On our last evening at Xinalani, our leaders Al, Vickie and Jill design a lovely closing ritual in the meditation hut.  It sits at one of the highest points on the property, an open-air pavilion with soaring views across the jungle treetops out to the sea.  We are ringed in a circle.  One by one, each woman steps into the circle and works her way around, stopping in front of each of us to receive a word describing something about her that inspires us.  It’s intimate, and we speak softly, but some of the words float into the air, audible on the evening breeze: “beautiful,” “brave,” “spunky,” “healer,” “graceful.”  It’s touching, looking someone in the eyes, mind searching for a pearl to give her: “sister,” “beloved,” “kickass’.” My turn comes and I am moved by the ways in which I am seen by my peers.   Afterwards, we dress in white and clamber down the hundreds of steps for dinner on the beach, followed by salsa lessons in the bar with a Cuban dance instructor named Jiadri.  He is spindly and tall, with beautiful skin the color of dark chocolate and hips that gyrate faster than Vitamix blades.  In heavily-spiced English, he teaches us to count the salsa beats, impressed by how quickly we “pretty womans” pick up the rhythm.  Apparently, no one has told him we are on a dance retreat.  He punctuates the steps with a little jingle: instead of “One, Two, Three (and) Five, Six, Seven (and),” he says, “ Sexy, Sexy. Sexy, Sexy. Sexy, Sexy, All the time.”  We laugh and dance, sipping through straws from a communal margarita in a giant glass that reminds me of the Scorpion bowls at Trader Vic’s in New York when I was in high school.  The poker-faced students on yoga retreat sharing the resort this week sit on the sidelines, looking askance at our unruly enthusiasm.  We have not been without incident:  one of our group leaders is stricken with Montezuma’s revenge early in the week, a friend from Massachusetts leaves ahead of schedule with a sciatica flare-up, another breaks a bone in her foot disembarking from a boat and is carried up and down the resort stairs by the young Mexican bartenders and busmen.  Yet we are, for the most part, happy and relaxed.  We all needed this “me-treat” so badly.

On the flight home, I think of words for everyone in my various families:  my Xinalani Nia tribe, sisters and goddesses, warm, sage, compassionate, exquisite.  For my father: generous and protective; for my mother, overcoming and devoted.  For my sister-in-law:  loyal, indefatigable, resourceful.  For my younger brother: insightful, intrepid, open-hearted.  (Also: heroic.)  I could go on and on:  John, my heart and soulmate, visionary and profound; Nate, brainy, sensitive, free-thinking; Lucy, creative, brilliant, gorgeous; Mia, intelligent, passionate, sparkling with music.  And my older brother:  witty, caring, beloved friend of so many people.   These words dance around my heart, holding hands sometimes, breaking off into solo motions at others, wafting on the forgiving breeze of a universe that inextricably mingles beauty and heartache, snowstorms and beaches, good years and tough ones, loving it all.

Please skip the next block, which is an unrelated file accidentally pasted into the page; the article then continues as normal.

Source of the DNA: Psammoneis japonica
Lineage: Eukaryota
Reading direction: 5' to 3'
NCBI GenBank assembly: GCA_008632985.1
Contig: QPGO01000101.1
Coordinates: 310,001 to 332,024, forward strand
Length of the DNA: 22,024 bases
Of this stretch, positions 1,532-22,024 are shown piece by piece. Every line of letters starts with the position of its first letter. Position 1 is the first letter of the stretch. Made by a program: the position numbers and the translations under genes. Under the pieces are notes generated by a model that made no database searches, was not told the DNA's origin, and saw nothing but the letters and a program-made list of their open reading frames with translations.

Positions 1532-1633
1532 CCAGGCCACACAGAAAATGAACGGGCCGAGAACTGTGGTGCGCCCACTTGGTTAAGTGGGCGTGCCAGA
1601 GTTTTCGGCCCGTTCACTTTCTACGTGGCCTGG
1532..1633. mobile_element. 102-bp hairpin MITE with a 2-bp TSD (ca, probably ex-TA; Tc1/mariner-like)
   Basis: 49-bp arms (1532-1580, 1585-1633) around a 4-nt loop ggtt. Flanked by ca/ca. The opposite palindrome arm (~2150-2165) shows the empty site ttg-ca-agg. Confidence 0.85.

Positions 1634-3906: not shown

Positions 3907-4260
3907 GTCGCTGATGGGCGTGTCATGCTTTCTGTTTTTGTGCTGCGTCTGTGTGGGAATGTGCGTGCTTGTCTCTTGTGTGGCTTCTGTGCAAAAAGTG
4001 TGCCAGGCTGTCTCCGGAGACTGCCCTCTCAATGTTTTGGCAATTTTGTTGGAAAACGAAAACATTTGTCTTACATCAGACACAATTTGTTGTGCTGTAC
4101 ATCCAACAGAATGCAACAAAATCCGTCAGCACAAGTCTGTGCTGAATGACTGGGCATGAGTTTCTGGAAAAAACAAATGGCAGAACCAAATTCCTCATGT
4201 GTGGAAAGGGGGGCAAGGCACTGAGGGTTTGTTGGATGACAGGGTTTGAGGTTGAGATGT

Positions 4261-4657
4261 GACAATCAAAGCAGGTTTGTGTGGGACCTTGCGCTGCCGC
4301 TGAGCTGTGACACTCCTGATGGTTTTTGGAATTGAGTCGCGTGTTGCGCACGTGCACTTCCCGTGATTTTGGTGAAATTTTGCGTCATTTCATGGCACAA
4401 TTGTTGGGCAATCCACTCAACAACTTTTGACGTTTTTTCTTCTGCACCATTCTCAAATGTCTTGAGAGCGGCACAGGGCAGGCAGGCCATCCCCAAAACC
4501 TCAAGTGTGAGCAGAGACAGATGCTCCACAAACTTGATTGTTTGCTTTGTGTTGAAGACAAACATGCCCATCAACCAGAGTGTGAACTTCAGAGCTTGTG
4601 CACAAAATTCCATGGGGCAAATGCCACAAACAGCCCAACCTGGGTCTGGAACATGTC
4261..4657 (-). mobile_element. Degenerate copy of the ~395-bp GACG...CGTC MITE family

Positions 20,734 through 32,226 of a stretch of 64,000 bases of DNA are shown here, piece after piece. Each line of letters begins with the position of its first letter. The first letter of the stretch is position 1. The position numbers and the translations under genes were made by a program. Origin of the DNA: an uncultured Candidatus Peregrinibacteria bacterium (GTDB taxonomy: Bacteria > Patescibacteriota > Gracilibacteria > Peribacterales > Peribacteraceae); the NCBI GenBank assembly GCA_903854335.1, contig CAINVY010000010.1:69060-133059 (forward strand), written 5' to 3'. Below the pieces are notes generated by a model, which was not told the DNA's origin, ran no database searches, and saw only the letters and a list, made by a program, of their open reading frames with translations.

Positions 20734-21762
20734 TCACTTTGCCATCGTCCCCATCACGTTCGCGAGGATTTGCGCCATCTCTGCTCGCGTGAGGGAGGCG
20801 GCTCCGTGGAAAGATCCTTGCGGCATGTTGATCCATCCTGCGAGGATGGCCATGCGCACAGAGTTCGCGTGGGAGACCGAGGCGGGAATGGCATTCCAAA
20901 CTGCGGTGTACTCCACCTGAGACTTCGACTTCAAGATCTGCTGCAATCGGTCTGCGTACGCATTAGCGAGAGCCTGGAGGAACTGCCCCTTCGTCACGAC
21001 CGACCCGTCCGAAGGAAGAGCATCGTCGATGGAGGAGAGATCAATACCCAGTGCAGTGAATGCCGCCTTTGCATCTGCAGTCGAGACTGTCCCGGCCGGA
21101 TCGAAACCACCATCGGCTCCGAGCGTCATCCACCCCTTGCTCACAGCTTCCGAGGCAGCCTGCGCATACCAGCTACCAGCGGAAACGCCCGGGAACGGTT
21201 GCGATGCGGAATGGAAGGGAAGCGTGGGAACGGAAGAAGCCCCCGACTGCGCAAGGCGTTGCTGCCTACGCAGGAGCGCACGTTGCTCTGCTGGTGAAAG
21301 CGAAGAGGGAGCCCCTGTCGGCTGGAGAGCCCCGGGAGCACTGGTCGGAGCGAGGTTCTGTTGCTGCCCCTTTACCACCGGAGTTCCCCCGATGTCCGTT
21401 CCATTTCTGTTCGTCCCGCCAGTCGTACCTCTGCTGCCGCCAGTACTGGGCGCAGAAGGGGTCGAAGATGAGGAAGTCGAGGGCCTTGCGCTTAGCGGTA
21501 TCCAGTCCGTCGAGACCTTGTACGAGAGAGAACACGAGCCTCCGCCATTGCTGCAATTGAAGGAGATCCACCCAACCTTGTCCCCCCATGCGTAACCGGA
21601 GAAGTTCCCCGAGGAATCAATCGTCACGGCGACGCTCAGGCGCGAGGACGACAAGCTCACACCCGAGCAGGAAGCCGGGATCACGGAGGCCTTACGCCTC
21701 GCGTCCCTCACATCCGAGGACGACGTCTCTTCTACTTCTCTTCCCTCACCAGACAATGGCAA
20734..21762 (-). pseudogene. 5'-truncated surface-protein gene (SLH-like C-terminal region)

Aw, Grow Up!

UnknownI would like our leaders in Washington to know:  I am so  over the blame-game you play.  You remind me of five-year-olds who, when confronted about how mommy’s cellphone got into the toilet with the toy boats, absurdly escalate their denials: “She did it!” “No, he did it!” “NO, SHE DID IT.” “NO, HE DID, HE DID!”  “No, Chloe did it, Mom!”  (Chloe being the dog.) It’s surreal, and I see right through you.  As a mom, I would say to the kids, all of them, even when I knew one of them might bear more responsibility than the other: “Time out!  Go to your rooms.  You can come out when you have an idea for how to make this better.” Sometimes, the time out was as much for me as for them, because my temper was close to boiling over, and I too needed some space to cool down.  “Mommy has just thisssss much rope left,” I’d tell them, holding my thumb and forefinger about an inch apart.

Inevitably, someone would emerge sheepishly from their room with a sincere apology, even if that little someone was not the primary “guilty” party.  Why?  Because she (or he) understood that our relationship was as important as mommy’s waterlogged cellphone or chipped wedding bowl. Hugs outweighed pride.  I’d still be stuck with the broken whatever it was, but all sides, myself included, had learned something valuable about relationship, honesty, self-control, and taking responsibility for our share in a difficult dynamic.  Skills sorely lacking in Congress.

It pains me to observe that our elected officials lack the basic relationship savvy and character development of five-year-olds.  Continually, pathologically.  Sadly, we see no “mommy” equivalent here.  The President (our titular father figure?  Gadzooks!) is more temperamental than an overtired three-year-old who doesn’t get his way in the grocery store. We’ve all seen it, the harried, embarrassed young mom with a preschooler wailing about Fruit Loops, throwing kiwis and broccoli out of the cart.  “Stop that, Donnie,” says his exhausted mother, ineffectually. Donnie throws an avocado at her, shrieks “No!!!!  I WANT FRUIT LOOPS”.  She winces, smiles at you, mortified.  Who knows, Donnie could be a perfectly decent kid, maybe he insists all insects be gently escorted outdoors rather than splatted with a newspaper on the kitchen counter.  But all you’ve ever seen when you run into them at the market is Donnie in full-on meltdown brat-dom.  It’s hard to like the kid.   Then there’s the media, prone to childish exaggeration,  often meeting our President toe-to-toe in hysteria.  A “bombogenesis” is about to “pound” New England.  (Read:  there’s going to be a big snowstorm.  Like, really big.  We New Englanders are pretty used to them.)  Headlines overflow with portentous, adversarial verbs like “looms,” “blasts,” “accuses,” “targets,” “pummels,” “explodes.”  Don’t get me wrong:  I  believe we are living in dangerous times.  But I don’t think that intensifying our rhetoric helps.  No one ever got released because the hostage negotiator and the kidnapper were hurling insults at one another.